Diversifying across asset classes (otherwise known as asset allocation) is the foundation on which prudent, long-term successful investment strategies are built. One of the essential issues for allocating among the various asset classes is carefully choosing those pieces that will offer the most diversification bang for the buck, and then weighting the asset accordingly. Modern portfolio theory advises that there are three primary variables that feed into this decision: volatility of returns, expected returns for each asset, and the correlation of returns among the assets.
Focusing on the latter for the moment reveals several interesting trends for the strategically minded investor. (We’ll be publishing more on correlations going forward, but for the moment here’s a taste of what we’re tracking.) Let’s start with the classic stock/bond mix, for which we crunched the data based on rolling 36-month trailing correlations for monthly total returns between the Russell 3000 and the Lehman Aggregate Bond Index, plotted monthly, starting in January 2001 and running through last month.
As the chart below reveals, the sharply negative correlation that defined equities and fixed-income in recent years is giving way to something less. To be sure, stocks and bonds still post slightly negative correlation, and so the diversification factor remains potent for owning both asset classes. But if the trend in recent years keeps up, investors may want to re-examine diversification expectations for the classic stock/bond mix. (Note: 1.0 indicates perfect correlation, 0 is no correlation, and -1.0 is perfect negative correlation).
Meanwhile, the correlation trend in domestic/foreign stocks has been improving, although only marginally so. In fact, the diversification value of domestic/foreign equities has been of relatively limited value in recent years, as the chart below shows. Thanks to globalization and enhanced liquidity across borders, the Russell 3000 and the MSCI EAFE ($) returns correlation has been high in recent years. Ditto for U.S. stocks and emerging markets equities, as tracked by MSCI EM ($). Is that high correlation status in the process of changing? Perhaps, as the fall in correlation between the two indices of late suggests (see chart below). If the trend continues, allocating a greater portion of assets to foreign stocks may be warranted in the future. Stay tuned.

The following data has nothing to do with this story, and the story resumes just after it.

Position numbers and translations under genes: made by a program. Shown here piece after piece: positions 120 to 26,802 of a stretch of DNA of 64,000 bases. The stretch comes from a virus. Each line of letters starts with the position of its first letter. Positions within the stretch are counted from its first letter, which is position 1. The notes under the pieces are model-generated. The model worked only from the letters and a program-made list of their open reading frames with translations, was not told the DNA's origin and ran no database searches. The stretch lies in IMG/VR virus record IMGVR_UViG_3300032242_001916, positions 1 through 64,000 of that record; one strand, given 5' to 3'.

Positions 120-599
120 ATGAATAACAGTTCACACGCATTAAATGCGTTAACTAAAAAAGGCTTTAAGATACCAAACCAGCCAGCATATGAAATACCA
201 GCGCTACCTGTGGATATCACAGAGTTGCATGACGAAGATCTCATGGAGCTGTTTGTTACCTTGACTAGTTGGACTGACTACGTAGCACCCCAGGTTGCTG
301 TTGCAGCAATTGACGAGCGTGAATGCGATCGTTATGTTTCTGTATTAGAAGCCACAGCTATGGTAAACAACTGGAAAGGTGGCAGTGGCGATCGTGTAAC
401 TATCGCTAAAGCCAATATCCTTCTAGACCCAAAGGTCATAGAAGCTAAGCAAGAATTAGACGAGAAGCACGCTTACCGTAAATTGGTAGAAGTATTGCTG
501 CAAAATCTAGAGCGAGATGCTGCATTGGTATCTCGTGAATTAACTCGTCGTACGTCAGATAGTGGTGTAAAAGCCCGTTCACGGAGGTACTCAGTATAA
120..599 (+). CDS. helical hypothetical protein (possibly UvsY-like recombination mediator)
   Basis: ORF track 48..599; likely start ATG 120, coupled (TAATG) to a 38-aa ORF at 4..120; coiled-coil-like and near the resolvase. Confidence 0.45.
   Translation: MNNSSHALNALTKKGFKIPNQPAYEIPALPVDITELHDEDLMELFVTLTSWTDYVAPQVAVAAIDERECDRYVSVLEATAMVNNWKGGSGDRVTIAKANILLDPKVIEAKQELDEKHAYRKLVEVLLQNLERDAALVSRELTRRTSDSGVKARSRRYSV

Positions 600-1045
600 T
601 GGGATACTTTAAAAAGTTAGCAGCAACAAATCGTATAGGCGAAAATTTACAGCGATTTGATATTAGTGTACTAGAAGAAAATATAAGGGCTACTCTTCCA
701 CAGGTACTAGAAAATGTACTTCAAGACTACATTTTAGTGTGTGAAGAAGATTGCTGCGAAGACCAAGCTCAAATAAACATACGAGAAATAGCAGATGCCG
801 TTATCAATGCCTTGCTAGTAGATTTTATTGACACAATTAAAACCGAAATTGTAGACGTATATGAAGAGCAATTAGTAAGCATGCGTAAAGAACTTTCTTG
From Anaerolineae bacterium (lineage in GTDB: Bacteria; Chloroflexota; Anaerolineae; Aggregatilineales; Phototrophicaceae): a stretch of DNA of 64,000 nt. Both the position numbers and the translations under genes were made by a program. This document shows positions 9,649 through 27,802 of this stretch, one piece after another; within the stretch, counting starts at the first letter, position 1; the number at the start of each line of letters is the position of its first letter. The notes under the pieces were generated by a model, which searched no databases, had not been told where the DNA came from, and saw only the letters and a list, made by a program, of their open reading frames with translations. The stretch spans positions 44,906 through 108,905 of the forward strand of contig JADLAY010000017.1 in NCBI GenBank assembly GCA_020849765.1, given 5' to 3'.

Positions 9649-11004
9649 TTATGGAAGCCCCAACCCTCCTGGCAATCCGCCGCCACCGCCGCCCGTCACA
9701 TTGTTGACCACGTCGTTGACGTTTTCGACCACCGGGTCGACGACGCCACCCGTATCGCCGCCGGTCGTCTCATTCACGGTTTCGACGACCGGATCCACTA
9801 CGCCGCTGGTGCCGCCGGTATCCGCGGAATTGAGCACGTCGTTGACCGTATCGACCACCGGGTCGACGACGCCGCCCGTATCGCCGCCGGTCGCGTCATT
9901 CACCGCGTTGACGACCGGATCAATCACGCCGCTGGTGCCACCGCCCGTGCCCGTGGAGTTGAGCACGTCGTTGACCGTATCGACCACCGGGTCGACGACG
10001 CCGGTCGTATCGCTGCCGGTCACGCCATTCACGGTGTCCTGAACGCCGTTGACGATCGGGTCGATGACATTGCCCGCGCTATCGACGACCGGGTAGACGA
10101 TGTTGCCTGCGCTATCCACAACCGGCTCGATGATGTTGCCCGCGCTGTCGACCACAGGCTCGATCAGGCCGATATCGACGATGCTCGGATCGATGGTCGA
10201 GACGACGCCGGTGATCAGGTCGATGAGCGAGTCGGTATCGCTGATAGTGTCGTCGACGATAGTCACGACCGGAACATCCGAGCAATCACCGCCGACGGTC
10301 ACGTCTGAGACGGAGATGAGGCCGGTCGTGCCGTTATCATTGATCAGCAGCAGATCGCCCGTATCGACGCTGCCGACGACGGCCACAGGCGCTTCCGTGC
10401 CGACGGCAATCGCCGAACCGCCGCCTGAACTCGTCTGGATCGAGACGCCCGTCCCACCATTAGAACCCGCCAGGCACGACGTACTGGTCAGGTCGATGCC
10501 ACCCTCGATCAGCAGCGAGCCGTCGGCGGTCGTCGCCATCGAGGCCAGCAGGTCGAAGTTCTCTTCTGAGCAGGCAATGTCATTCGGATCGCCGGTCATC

If there’s hope for the domestic/foreign equity mix as a diversification tool, something less inhabits the realm of large- and small-cap domestic stock blends. Or so the trend of late indicates. As the chart below illustrates, the correlation of monthly returns between the Russell 1000 and Russell 2000 indices (large- and small-cap proxies, respectively) has been on the rise. In fact, the correlation between large- and small-caps has been fairly lofty in recent years, and that status doesn’t show any sign of changing. As a result, the diversification benefit of owning large and small equities within the U.S. has been uninspiring.
The correlation between monthly returns for REITs and U.S. stocks is on the rise too. The low correlations of 2002 have been fading for some time. Although REITs still have roughly a 0.5 correlation (based on the Wilshire REIT and Russell 3000), the diversification effect has sharply diminished in recent years.
If nothing else, the above charts remind that while finding low and negatively correlated assets is essential for building a diversified portfolio, the definition of what constitutes low and negative is always evolving.